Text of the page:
The Amazingly Bogus Scott Walker 'Divide and Conquer' Video

If the complete clip is so damning, why won't Walker's opponents release it?


Next up: The "Walker jig"

Much has been said of the highly edited 38-second YouTube video in which Wisconsin Gov. Scott Walker is caught saying he would "divide and conquer" the state. Listening to critics of the governor, you'd think it was almost like finding the smoking gun still at the scene of the crime.

Democrats say it is irrefutable evidence that Walker is a power-hungry pol. They argue it proves the governor says one thing in public and another in private to some of his biggest campaign donors. They point to the video as proof that Walker is set to enact "right-to-work" legislation, and that Act 10, the law reducing government employee's collective bargaining power, was just the beginning.

What's amazing about the entire video is that documentary filmmaker Brad Liechtenstein refuses to post the entire video. All he's given the media is a transcript of the conversation. Yet releasing the full video would provide true context of the conversation between Walker and ABC Supply President Diane Hendricks.

Otherwise, given the current video's make-up, its reliance on out-of-context editing, and the rapid-response from recall backers to fully exploit it, it's easy to pinpoint its purpose: Re-energize liberal turnout ahead of the recall.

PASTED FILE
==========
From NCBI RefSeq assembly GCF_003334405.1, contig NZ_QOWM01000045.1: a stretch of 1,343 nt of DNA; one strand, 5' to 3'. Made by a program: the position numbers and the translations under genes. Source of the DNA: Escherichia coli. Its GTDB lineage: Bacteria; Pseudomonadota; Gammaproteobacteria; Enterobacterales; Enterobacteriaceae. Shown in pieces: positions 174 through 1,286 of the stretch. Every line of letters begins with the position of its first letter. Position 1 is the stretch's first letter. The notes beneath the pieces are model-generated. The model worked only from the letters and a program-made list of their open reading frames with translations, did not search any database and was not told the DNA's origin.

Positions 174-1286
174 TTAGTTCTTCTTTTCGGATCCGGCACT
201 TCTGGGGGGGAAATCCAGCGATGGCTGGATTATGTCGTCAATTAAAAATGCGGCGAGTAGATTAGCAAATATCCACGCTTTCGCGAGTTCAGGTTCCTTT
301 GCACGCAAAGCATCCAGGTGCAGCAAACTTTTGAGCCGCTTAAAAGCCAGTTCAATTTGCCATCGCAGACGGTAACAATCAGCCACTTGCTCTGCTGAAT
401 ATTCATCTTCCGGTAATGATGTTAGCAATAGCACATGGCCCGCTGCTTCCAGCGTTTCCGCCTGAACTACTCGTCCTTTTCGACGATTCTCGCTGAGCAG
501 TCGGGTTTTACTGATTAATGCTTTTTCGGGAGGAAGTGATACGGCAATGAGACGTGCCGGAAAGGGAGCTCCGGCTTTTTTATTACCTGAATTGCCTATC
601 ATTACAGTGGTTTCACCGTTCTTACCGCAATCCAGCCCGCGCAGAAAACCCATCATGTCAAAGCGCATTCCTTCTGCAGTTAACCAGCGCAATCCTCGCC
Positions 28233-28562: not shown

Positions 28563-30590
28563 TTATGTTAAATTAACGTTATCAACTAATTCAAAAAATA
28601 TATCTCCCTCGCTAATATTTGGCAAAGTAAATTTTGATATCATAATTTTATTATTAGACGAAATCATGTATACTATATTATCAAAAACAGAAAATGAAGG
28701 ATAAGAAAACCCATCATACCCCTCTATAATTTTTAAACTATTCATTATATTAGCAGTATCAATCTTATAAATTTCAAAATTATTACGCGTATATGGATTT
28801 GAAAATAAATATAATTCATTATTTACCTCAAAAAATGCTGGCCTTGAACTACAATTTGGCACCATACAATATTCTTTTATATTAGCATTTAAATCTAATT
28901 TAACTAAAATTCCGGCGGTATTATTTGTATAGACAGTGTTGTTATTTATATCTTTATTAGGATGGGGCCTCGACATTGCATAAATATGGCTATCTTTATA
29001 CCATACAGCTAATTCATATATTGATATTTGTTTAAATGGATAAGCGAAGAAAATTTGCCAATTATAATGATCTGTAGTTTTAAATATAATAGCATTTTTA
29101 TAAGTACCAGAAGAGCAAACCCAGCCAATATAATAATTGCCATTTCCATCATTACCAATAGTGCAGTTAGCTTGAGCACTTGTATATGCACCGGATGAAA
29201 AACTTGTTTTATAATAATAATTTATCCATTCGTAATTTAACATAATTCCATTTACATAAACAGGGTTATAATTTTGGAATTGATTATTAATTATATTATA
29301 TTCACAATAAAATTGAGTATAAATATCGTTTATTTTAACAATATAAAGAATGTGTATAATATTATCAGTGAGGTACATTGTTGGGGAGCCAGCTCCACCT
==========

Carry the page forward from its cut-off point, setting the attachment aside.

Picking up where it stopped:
Liechtenstein has been around the politico-cinematic block going as far back as documentary work for PBS in 1996 on the Clinton-Dole presidential race. He probably has been around long enough to know when he has video which will help promote his project. He'd also know if he has video on his hands that can help promote a cause.

The "ConquerGate" video is pure political catnip for the liberal base—meant to re-energize voters who may have been deflated by the recent Democratic primary and a new wave of polling numbers indicating Walker is likely to win.

The reasoning for the video is simple: to broaden the Democratic conversation from the real purpose of the recall—collective bargaining for public employees—to the more universal theme of Walker's alleged untrustworthiness and hunger for power. Collective bargaining doesn't move votes. Those aren't my words, they're the words of the Democratic Party of Wisconsin's Communication Director Graeme Zielisnki in the left-leaning magazine Mother Jones.

So would it be safe to say that while collective bargaining might not be moving votes, it might move people to the polls? Given the response and faux outrage over Walker's remarks, that appears to be the only reason that a video like this is even released three weeks prior to election day.

Add in news reports that the filmmaker will not allow the full, unedited video to be made available so the public may  draw its own conclusions, and it's hard to argue the video wasn't built to boost Democratic turnout above all else.

Kevin Binversie is a Wisconsin native who has been blogging on the state's political culture for more than eight years. This article originally appeared at WisconsinReporter.com